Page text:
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PublisherRaivaaja Publishing Company
FoundedJan. 1905
(Finnish and English in later years.)
Ceased publication2009
Headquarters164 Elm St.
Fitchburg, Massachusetts
OCLC number13677702

Raivaaja (English: The Pioneer) was a Finnish-language newspaper published from 1905 to 2009 in Fitchburg, Massachusetts, by Raivaaja Publishing Company. For the first three decades of its existence the publication was closely associated with the Socialist Party of America (SPA). In 1936 as part of a large factional split in the SPA, the former Finnish Socialist Federation severed its connection to become the "Finnish American League for Democracy," with Raivaaja remaining the official organ of this remodeled organization.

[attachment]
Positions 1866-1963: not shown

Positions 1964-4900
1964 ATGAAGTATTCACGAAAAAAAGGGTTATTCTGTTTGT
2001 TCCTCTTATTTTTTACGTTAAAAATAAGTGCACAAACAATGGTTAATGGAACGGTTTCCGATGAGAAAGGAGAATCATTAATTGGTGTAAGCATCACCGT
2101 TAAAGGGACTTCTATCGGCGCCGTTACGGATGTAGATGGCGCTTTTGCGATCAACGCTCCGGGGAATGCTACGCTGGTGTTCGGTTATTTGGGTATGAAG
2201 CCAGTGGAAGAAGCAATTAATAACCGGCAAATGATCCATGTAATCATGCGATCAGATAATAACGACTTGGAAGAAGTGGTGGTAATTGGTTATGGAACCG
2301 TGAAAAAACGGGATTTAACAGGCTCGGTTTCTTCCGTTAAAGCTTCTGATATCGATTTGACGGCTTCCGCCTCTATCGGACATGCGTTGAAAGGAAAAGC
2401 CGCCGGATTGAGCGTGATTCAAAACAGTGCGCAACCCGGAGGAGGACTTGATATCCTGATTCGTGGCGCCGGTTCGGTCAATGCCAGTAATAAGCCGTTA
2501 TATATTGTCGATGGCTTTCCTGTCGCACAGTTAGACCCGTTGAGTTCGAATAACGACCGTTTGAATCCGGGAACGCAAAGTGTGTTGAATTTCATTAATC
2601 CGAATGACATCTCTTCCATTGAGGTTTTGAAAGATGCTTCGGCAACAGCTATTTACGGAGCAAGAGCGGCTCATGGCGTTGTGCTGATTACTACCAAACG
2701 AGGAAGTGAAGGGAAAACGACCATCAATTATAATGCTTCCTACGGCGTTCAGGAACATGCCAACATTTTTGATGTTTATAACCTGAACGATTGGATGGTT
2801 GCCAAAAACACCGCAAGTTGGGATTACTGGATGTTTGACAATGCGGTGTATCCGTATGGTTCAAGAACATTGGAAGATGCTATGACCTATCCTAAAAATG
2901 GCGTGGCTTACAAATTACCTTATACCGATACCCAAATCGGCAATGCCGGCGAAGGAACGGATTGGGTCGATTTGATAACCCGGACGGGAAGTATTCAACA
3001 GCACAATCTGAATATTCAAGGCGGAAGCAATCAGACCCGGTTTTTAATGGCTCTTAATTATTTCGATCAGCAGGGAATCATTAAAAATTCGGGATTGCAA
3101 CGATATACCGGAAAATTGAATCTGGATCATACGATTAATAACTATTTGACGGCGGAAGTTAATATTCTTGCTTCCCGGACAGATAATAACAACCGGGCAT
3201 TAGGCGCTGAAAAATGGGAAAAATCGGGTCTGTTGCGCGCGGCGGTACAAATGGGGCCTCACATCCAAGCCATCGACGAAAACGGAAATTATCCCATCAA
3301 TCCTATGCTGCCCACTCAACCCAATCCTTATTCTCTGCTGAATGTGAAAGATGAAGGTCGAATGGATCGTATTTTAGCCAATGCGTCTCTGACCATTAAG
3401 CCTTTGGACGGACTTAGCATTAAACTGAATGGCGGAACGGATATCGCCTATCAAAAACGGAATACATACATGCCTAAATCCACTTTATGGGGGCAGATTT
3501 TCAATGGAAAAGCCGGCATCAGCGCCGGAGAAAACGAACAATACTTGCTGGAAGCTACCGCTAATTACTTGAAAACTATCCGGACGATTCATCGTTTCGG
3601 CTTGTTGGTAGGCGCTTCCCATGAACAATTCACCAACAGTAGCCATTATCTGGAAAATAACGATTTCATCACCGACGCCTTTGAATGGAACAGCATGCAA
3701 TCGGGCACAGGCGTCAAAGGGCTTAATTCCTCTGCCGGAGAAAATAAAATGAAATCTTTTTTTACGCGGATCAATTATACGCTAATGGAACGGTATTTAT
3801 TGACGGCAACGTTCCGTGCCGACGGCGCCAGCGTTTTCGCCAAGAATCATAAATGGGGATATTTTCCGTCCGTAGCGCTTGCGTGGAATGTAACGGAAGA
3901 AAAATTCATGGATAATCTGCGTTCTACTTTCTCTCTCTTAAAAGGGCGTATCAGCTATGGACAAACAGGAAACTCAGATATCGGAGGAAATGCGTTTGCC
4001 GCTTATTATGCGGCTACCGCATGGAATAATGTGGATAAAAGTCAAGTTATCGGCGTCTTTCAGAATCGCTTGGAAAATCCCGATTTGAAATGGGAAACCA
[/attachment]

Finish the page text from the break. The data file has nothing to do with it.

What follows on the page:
During its final years the publication included both English language and Finnish language content. It was last edited by Marita Cauthen from 1984 until its termination in 2009. Today the not-for-profit Raivaaja Foundation still runs a website and an online bookstore.



The history of the broadsheet newspaper Raivaaja (The Pioneer) is traceable to an earlier publication, Pohjan Tähti (The North Star), which was started in the Finnish-American enclave of Fitchburg, Massachusetts by a private entrepreneur, Alex Heisson, who sought to launch a profitable publication to serve the community's large and growing Finnish-speaking population.[1] Taking a calculated political risk, the aspiring capitalist publisher hired a talented socialist editor, émigré Finnish newcomer Taavi Tainio.[1] For a time the alliance seemed to be working, with the profit-seeking, nominally socialist publication quickly growing to a circulation of nearly 4,000.[1] By the end of the year differences over the function and goals of the paper led to Heisson terminating his outspoken editor.[1]